Joe Biden is a disaster. There is no improvement in our lives. In fact, things are worse now that Joe is president.
Inflation, gas prices, rent prices, we still have COVID 19 and just have to live with it, we have Monkeypox in the US and Roe v. Wade is no more.
In two years, the country's been destroyed.
Now we could have protected Roe -- all it took was action in Congress. But Joe couldn't rouse any action there or anywhere.
He's a dottering old fool.
And, as C.I. points out in the snapshot (in full below), why the hell is Joe headed to London for a queen's funeral. Old woman lived over 90s years and never once brought her 'royal ass' to the US for a funeral of a US president.
F**K Elizabeth. F**K her. I'm serious. I live in the city where we had the tea demonstration in the Boston Harbor, where we were supposedly breaking free from the royal family of England. Why the hell are we trying to cower and beg for favor? Again, she wasn't at JFK's funeral -- but she was Queen then -- she couldn't drag her ass over for LBJ's funeral or for Ronald Reagan or George H.W. Bush, why the hell is our president going to London?
Especially when he has more than enough to do here. He doesn't need a trip, he needs roll up his sleevers and start working.
Or he needs to resign. He should resign. These are his retirement years.
Will Lehman is running to become president of the United Auto Workers. This is from his campaign site:
Caterpillar workers: Build rank-and-file committees to unite with Deere, CNH and autoworkers in a fight back!
Dear brothers and sisters at Caterpillar,
My name is Will Lehman. I’m a second-tier, rank-and-file worker at Mack Trucks in Macungie, Pennsylvania, and a socialist. I am running for president of the UAW International in the national elections in October-November.
My campaign is not aimed at “reforming” the corrupt, pro-corporate UAW apparatus, but abolishing this apparatus and placing power in the hands of workers ourselves. I call for workers to form rank-and-file factory and workplace committees, which will enable us to communicate and coordinate our struggles across different plants, companies and even countries.
Only on this basis can we carry out a real fight for what we need, not what the companies claim is affordable. To reverse the endless concessions given up by the UAW bureaucracy, we need massive wage increases for all workers, the real end of the tier system, the restoration of COLA and pensions for active workers and retirees, the return to the eight-hour day and end of constant mandatory overtime, and more.
The UAW has been transformed into a union in name only, with a layer of privileged officials totally unaccountable to workers. This apparatus sits on top of more than $1 billion in assets, built up with our dues, which they use parasitically to fund their own incomes and perks, with more than 450 on staff at the UAW International making more than $100,000 a year.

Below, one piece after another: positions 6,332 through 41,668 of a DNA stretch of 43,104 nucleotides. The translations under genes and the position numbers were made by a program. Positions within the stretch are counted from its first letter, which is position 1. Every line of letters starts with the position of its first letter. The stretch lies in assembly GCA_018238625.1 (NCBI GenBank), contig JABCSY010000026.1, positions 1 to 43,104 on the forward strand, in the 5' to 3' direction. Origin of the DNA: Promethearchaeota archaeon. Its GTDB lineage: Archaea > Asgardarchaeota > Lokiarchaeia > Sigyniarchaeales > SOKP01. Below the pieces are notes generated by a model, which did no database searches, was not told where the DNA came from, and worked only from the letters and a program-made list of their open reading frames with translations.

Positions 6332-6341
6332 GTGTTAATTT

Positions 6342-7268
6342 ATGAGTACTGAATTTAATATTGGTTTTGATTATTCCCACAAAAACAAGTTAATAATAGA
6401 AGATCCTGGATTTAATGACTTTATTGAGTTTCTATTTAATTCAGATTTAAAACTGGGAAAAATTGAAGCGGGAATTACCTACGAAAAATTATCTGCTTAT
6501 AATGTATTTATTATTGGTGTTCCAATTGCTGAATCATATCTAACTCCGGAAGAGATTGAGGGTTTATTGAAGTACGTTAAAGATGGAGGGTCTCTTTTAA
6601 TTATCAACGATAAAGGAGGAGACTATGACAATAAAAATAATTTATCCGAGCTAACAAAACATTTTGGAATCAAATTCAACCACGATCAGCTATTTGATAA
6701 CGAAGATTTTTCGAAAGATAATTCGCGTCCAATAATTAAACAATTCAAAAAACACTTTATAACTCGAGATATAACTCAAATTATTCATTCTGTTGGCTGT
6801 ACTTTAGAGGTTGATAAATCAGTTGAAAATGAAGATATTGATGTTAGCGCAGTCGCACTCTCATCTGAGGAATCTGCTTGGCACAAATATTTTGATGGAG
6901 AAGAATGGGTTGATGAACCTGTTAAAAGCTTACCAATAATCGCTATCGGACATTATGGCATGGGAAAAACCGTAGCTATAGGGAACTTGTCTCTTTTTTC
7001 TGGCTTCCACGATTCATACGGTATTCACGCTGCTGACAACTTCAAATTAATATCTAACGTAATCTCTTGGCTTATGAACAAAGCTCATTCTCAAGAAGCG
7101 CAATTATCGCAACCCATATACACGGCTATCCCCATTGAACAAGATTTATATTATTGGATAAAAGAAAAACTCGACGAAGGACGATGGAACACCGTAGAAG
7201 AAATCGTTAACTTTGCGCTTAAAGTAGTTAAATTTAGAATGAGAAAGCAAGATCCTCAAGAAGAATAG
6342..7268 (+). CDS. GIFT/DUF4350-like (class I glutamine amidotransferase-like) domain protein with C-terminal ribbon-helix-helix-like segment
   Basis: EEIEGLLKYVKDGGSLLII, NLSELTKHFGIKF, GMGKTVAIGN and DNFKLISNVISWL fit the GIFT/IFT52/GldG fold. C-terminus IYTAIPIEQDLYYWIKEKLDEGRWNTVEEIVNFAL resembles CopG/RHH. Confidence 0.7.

Direct elections for UAW president and other positions are only taking place because virtually the entire UAW leadership was implicated in a corruption scandal. The scandal proved what we had long suspected: top UAW officials were either bribed by the companies or stealing our dues.
People such as former UAW President Dennis Williams and former Vice President Norwood Jewell, who both played key roles in pushing through sellout contracts at CAT over the past three decades, pleaded guilty and were sentenced to jail as part of a federal investigation. Both, however, were released early from their slap-on-the-wrist prison sentences.
The UAW bureaucracy’s record of betrayals at Caterpillar
For many years, “Caterpillar” has been a word synonymous with corporate ruthlessness and strikebreaking, as well as the bitter betrayals by the organization which claimed to represent workers, the UAW.
In the 1990s, the two strikes at Caterpillar, despite the immense determination and heroism of workers, were sabotaged and sold out by the UAW bureaucracy. The result was a historic decline in CAT workers’ living standards and working conditions. What followed was the wage and benefit tier system, frozen pay for senior workers, the loss of pensions and COLA, rising health care costs, and the closure of countless plants and widespread destruction of jobs.
The attacks on workers have continued up to today. The 2017 contract with Caterpillar backed by the UAW allowed the company to close the Aurora plant. It included further concessions in wages and benefits, despite the company having benefited from record profits. Many workers at the time suspected, with good reason, that the vote was rigged, given the widespread opposition to the deal.
In addition to the relentless assault on living standards, workers have been subjected to increasingly intolerable and dangerous working conditions. The horrific death of 39-year-old Steven Dierkes at Caterpillar’s Mapleton Foundry a little over three months ago was an event which shocked all those workers who read about it. It revealed the harsh truth so many workers confront every day in the US: brutal and deadly industrial sweatshops which resemble the conditions in the 19th century.
As I said in my statement on June 29 when I announced my campaign, “We cannot forget workers like Catherine Pace and Willie Dee, who died of COVID, and Steven Dierkes at Caterpillar and Danny Walters at Dana, who died from poor working conditions.